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Auseklis is a Latvian god, a stellar deity[1] that represents a celestial body, but possibly not the same as Venus (Rīta zvaigzne)[2] - the first "star" (how Latvians call it) to appear in the mornings on the east side of the sky. He is the third most popular deity in Latvian mythology after Saulė and Mēness, but is almost exclusively mentioned in folk songs.


The name Auseklis stems from the root aus- ('dawn'), attached to the derivative suffix -eklis, and is etymologically related to other Indo-European deities of the dawn.[3][4]

This deity is also variously known as Auseklenis, Ausekliņš, Auseklīts, Auseklītis, Ausekliņis, Auseklius.[5]


Auseklis is closely associated with Mēness ("moon"). They both are Dieva dēli ("sons of God"), as is Ūsiņš, and are thus confused with each other and with other male deities. Auseklis is referred to as male in the context of the dainas (folksong), and is seen as the groom of Saules meita ("daughter of the sun"), who came all the way to Germany to court her.[6]

He is also said to be the attendant to a Sun deity and helper in the activities of the "heavenly bath house".[7][1]

According to scholar Elza Kokare, Auseklis belongs to a group of heavenly deities that take part in a mythological drama about a "celestial wedding". Auseklis is seen as a groom of Saules meita, a daughter of Saule, the female Baltic sun - the others being moon god Meness and twin gods Dieva deli. Auseklis, in other accounts, is a guest or member of the bridal cortege at the wedding of Saules meita with another character,[1] or he is deprived of his bride because of Meness's quarreling.[8]

Auseklis is often referred to as being very young. As a reflex of this, he is seen as too young to work with the other deities, is very playful, and his horse is either bought by him or for him by the Sun.[9]

According to Marija Gimbutas's analysis, Auseklis is a "dievaitis" ('little god') that appears with a horse the Sun gave him, and falls in love with the daughter of the (female) Sun ("Saules dukterims").[10]

According to Lithuanian folklorist and ethnologist Nijolė Laurinkienė (lt), Harald Biezais was of the opinion that Auseklis was a male god and a son of Dievs ("Dievo sunus"). He was also part of the "celestial marriage" drama, being the first betrothed of the Sun's Daughter (Saules meita).[11]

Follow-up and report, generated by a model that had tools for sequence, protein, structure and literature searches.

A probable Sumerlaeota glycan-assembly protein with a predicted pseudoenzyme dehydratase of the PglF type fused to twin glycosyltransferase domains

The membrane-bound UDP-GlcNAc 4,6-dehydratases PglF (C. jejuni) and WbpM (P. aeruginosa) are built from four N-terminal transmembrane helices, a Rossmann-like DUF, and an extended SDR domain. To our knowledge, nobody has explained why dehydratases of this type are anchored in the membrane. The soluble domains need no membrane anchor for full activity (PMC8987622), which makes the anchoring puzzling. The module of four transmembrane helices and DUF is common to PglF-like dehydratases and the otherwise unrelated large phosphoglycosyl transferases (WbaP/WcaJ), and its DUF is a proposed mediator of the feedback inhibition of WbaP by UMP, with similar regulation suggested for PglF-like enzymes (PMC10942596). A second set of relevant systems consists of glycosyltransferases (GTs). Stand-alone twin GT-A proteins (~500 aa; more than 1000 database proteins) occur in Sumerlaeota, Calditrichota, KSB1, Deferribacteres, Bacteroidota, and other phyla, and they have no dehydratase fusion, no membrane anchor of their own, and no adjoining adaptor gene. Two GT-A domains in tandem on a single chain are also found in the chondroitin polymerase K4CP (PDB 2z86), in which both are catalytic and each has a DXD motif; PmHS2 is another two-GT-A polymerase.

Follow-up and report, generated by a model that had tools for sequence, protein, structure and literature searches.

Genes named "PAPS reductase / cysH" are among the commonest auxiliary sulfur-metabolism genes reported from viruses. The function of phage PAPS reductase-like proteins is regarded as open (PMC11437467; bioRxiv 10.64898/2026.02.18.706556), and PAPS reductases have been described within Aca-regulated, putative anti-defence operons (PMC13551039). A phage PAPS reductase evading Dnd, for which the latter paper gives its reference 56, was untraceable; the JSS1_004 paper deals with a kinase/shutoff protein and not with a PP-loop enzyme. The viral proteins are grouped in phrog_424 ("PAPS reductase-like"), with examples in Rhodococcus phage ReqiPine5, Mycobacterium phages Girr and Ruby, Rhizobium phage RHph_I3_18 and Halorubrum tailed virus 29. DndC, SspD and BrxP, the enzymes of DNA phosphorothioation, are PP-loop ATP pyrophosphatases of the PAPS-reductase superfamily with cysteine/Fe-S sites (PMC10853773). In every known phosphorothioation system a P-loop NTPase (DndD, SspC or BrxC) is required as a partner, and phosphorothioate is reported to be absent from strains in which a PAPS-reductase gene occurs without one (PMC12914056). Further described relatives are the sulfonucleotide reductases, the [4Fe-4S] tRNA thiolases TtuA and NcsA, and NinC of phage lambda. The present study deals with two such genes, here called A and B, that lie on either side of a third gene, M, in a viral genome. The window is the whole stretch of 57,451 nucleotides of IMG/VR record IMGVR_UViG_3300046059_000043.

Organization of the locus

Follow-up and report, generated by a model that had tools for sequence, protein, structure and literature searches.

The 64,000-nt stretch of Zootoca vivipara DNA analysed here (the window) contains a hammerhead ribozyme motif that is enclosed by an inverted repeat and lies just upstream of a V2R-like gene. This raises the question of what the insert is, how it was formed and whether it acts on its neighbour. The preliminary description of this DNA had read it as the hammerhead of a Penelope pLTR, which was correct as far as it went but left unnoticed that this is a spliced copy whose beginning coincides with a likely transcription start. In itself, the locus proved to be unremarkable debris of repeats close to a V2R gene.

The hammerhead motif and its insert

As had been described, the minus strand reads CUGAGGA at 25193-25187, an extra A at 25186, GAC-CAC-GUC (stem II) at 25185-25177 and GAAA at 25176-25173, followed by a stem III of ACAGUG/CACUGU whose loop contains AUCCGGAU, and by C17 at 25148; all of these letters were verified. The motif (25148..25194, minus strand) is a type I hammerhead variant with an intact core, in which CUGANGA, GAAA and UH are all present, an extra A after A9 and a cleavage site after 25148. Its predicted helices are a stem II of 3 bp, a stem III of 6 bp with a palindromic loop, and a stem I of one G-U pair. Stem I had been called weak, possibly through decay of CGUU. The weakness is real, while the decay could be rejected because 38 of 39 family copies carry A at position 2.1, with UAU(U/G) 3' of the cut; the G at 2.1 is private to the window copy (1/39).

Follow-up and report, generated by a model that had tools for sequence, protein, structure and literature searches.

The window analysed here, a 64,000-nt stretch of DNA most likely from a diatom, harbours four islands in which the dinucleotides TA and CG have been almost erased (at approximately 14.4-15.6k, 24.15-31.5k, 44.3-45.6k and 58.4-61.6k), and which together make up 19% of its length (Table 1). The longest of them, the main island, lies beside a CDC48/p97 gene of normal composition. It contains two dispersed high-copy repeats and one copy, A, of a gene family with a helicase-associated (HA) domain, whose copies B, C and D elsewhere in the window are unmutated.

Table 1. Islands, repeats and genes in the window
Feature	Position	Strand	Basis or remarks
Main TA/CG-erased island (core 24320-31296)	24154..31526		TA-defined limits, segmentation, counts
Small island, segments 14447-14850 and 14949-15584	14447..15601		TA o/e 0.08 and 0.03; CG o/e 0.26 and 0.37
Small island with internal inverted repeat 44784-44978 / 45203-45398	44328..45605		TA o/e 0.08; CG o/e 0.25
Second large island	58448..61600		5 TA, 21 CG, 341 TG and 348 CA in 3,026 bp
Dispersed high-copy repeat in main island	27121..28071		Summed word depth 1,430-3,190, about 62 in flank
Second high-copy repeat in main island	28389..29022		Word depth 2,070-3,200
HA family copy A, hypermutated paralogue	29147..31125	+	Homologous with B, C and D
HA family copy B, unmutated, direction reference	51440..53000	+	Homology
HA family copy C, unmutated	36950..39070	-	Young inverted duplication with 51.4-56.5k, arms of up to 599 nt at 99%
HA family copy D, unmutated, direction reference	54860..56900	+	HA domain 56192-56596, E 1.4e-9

Crosses of Lietuvēns: Auseklis (above) and the pentagram (below) had to be drawn without lifting one's hand.

Auseklis is also the name of the eight-pointed star (an isogonal octagram). It is also known as one of the crosses of Lietuvēns (a malevolent spirit). The other cross of Lietuvēns is the pentagram, which symbolizes Venus in other cultures, suggesting that both signs might have originally been symbols of Auseklis. In more modern times, the pentagram is sometimes seen as a symbol of evil, however, originally both signs were used for protection from evil and are named after Lietuvēns because they were used to ward it off. Both signs had to be drawn without lifting the hand to ensure that protection was effective.

In the 1980s, the octagram became the symbol of the third Latvian National Awakening.

See also[edit]


  1. ^ a b c Lurker, Manfred (2004). The Routledge dictionary of gods and goddesses, devils and demons. Routledge. p. 25. ISBN 978-0-415-34018-2.
  2. ^ Calin, Didier (1 January 1996). "Indo-European Poetics and the Latvian Folk Songs". Retrieved 4 December 2021.
  3. ^ Krauklis, Konstantīns (1992). Latviešu etimoloģijas vārdnīca (in Latvian). Vol. I. Rīga: Avots. ISBN 5401004117.
  4. ^ Greimas 1992, p. 109.
  5. ^ Lietuvių mitologija. T. 3. Sudarė N. Vėlius ir G. Beresnevičius. Vilnius: Mintis, 2004. pp. 351.
  6. ^ Pundure, Irena. "A SOLAR CALENDAR FROM LATVIAN DAINAS". In: Archaeologia Baltica Volume 10: Astronomy and Cosmology in Folk Traditions and Cultural Heritage. Klaipėda University Press. 2008. pp. 40, 42-43. ISSN 1392-5520.
  7. ^ Jordan, Michael. Dictionary of gods and goddesses. 2nd Edition. New York: Facts On File. 2004. p. 39. ISBN 0-8160-5923-3.
  8. ^ Kokare, Elza. "A survey of the basic structures in Latvian mythology. In: Journal of the Baltic Institute of Folklore (Tallinn), 1996, Nr.1, pp. 65-91.
  9. ^ Běťáková, Marta Eva; Blažek, Václav. Encyklopedie baltské mytologie. Praha: Libri. 2012. pp. 34-35. ISBN 978-80-7277-505-7.
  10. ^ Gimbutienė, Marija (1985). Baltai priešistoriniais laikais: etnogenezė, materialinė kultūra ir mitologija. Vilnius: Mokslas. p. 165.
  11. ^ Laurinkienė, Nijolė. Senovės lietuvių dievas Perkūnas: kalboje, tautosakoje, istoriniuose šaltiniuose. Vilnius: Lietuviu literaturos ir tautosakos institutas, 1996. p. 133. ISBN 9986-513-14-6.


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